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Riverpedia archive - 01/09/2022

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The technique of meditation I practice. 2 hours a day, one hour in the morning and one hour in the evening. I've gone to a mediation course at least once a year since 2003.

Throughout my life as a musician, I searched for a way to go deeper into creativity. I was certain that I hadn’t reached my potential, that I could do much more if only I could concentrate more deeply. As the years went by, I felt more dissatisfied with my music and life. I felt that my inspiration was drying up. The most important thing to me, writing great new songs, was now impossible. I tried many ways to kick start my creative energies--drugs, emotional strife, self-deprivation, and the philosophy of Nietzsche. Nothing worked for long. It felt as if I was trying to shock a dying animal back to life.

Then in 2003, a record producer suggested that I try meditation. I balked, thinking meditation would only make me more numb. But I had tried everything else so ultimately I decided to give it a try. I searched online for information about intensive retreats. I found www.dhamma.org. After reading the info there, I knew that Vipassana was exactly what I had been looking for all along, without knowing it. I was impressed by the non-sectarian nature of the teaching and the acknowledgment that hard work was necessary to achieve benefits. I was most impressed to learn that the teaching was free of charge, even for room and board. After my first 10-day course I perceived immediate improvements in my songwriting. I didn’t believe that I was fully healed, but knew that I was on the path to recovery. I began to let go of my dependence on formulas in music-making. I started creating from a more spontaneous and instinctual place. My music sounded more personal to me, and more important.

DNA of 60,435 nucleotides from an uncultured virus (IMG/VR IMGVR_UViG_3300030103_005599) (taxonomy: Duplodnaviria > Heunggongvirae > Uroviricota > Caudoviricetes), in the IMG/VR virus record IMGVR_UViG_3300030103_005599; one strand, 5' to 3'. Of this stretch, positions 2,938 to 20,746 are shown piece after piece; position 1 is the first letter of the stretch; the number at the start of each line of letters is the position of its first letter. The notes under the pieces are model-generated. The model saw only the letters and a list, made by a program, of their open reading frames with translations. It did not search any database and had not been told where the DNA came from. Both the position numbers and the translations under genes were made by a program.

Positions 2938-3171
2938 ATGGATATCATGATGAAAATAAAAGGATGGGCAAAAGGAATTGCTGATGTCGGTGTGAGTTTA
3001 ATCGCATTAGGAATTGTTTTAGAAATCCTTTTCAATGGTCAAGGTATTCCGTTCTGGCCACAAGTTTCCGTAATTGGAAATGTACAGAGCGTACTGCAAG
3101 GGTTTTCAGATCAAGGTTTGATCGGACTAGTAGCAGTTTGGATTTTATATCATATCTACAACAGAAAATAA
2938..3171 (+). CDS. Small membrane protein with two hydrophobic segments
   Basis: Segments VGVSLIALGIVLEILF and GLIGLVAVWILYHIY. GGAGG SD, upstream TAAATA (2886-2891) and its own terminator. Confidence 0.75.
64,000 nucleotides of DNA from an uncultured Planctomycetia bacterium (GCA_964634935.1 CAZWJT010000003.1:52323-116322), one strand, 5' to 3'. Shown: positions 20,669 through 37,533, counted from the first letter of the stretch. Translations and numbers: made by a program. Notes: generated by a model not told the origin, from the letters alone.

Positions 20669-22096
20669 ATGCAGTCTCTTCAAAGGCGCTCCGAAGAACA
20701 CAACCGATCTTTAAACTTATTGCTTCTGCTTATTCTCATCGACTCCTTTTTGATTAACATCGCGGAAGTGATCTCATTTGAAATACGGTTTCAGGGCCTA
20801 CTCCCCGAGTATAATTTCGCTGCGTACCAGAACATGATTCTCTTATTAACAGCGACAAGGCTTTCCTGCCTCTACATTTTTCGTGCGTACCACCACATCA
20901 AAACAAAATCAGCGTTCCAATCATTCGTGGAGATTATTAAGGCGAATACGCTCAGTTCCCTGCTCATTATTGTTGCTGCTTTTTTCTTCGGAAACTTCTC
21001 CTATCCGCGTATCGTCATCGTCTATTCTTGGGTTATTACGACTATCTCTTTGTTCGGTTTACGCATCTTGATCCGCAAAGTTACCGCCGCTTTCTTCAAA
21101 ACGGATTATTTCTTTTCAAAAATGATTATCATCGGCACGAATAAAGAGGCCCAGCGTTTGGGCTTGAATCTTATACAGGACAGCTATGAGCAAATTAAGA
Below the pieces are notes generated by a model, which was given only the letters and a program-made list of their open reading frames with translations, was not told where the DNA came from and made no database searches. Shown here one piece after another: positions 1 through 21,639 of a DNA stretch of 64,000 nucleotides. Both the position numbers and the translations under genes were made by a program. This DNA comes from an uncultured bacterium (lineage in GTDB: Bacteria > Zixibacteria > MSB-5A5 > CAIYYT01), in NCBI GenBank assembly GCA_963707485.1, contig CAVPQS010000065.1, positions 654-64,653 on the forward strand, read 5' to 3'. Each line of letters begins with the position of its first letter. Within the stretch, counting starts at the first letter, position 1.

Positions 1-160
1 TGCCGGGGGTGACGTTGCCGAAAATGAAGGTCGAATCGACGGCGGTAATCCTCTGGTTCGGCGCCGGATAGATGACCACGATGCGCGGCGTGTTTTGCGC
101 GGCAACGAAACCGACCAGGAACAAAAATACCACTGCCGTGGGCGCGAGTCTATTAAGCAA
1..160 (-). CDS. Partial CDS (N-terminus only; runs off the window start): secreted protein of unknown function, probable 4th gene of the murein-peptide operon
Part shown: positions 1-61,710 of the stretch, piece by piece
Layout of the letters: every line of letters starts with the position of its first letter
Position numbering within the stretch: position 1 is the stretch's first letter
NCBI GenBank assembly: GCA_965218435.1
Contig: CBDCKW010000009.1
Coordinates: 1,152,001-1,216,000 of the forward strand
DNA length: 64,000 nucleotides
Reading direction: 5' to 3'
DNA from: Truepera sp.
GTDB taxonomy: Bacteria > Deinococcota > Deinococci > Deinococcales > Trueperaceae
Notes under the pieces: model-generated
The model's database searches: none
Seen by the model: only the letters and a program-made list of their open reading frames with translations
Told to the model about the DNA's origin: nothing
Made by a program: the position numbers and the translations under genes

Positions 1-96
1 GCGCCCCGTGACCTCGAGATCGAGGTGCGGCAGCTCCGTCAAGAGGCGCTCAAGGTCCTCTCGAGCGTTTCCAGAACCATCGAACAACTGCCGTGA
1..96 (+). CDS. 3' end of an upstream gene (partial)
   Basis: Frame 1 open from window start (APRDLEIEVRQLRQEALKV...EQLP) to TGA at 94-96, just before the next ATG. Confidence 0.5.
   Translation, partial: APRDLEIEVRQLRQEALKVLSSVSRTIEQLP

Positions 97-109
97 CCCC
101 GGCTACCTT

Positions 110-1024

I sat more Vipassana courses and served at the centers. I noticed that my relations with others improved, even if a little. I made efforts to get closer to my family and mend relations with those with whom I had fought. I felt that the world was a more comfortable place to live in and that people were on my side. These feelings yielded more confidence and creative benefits. I concluded that meditation was not only a means to improve my songwriting. It was also a key to unlock what I had unconsciously been searching for all along: happiness. Two years after taking my first course, at the beginning of my 20-day course, I committed to the path for life.

My teacher's website is www.dhamma.org.

10% happier https://www.youtube.com/watch?v=IU_3KRd0U9Q&t=1s

( Last edited by Rivers at 2022-01-09T22:56:44Z)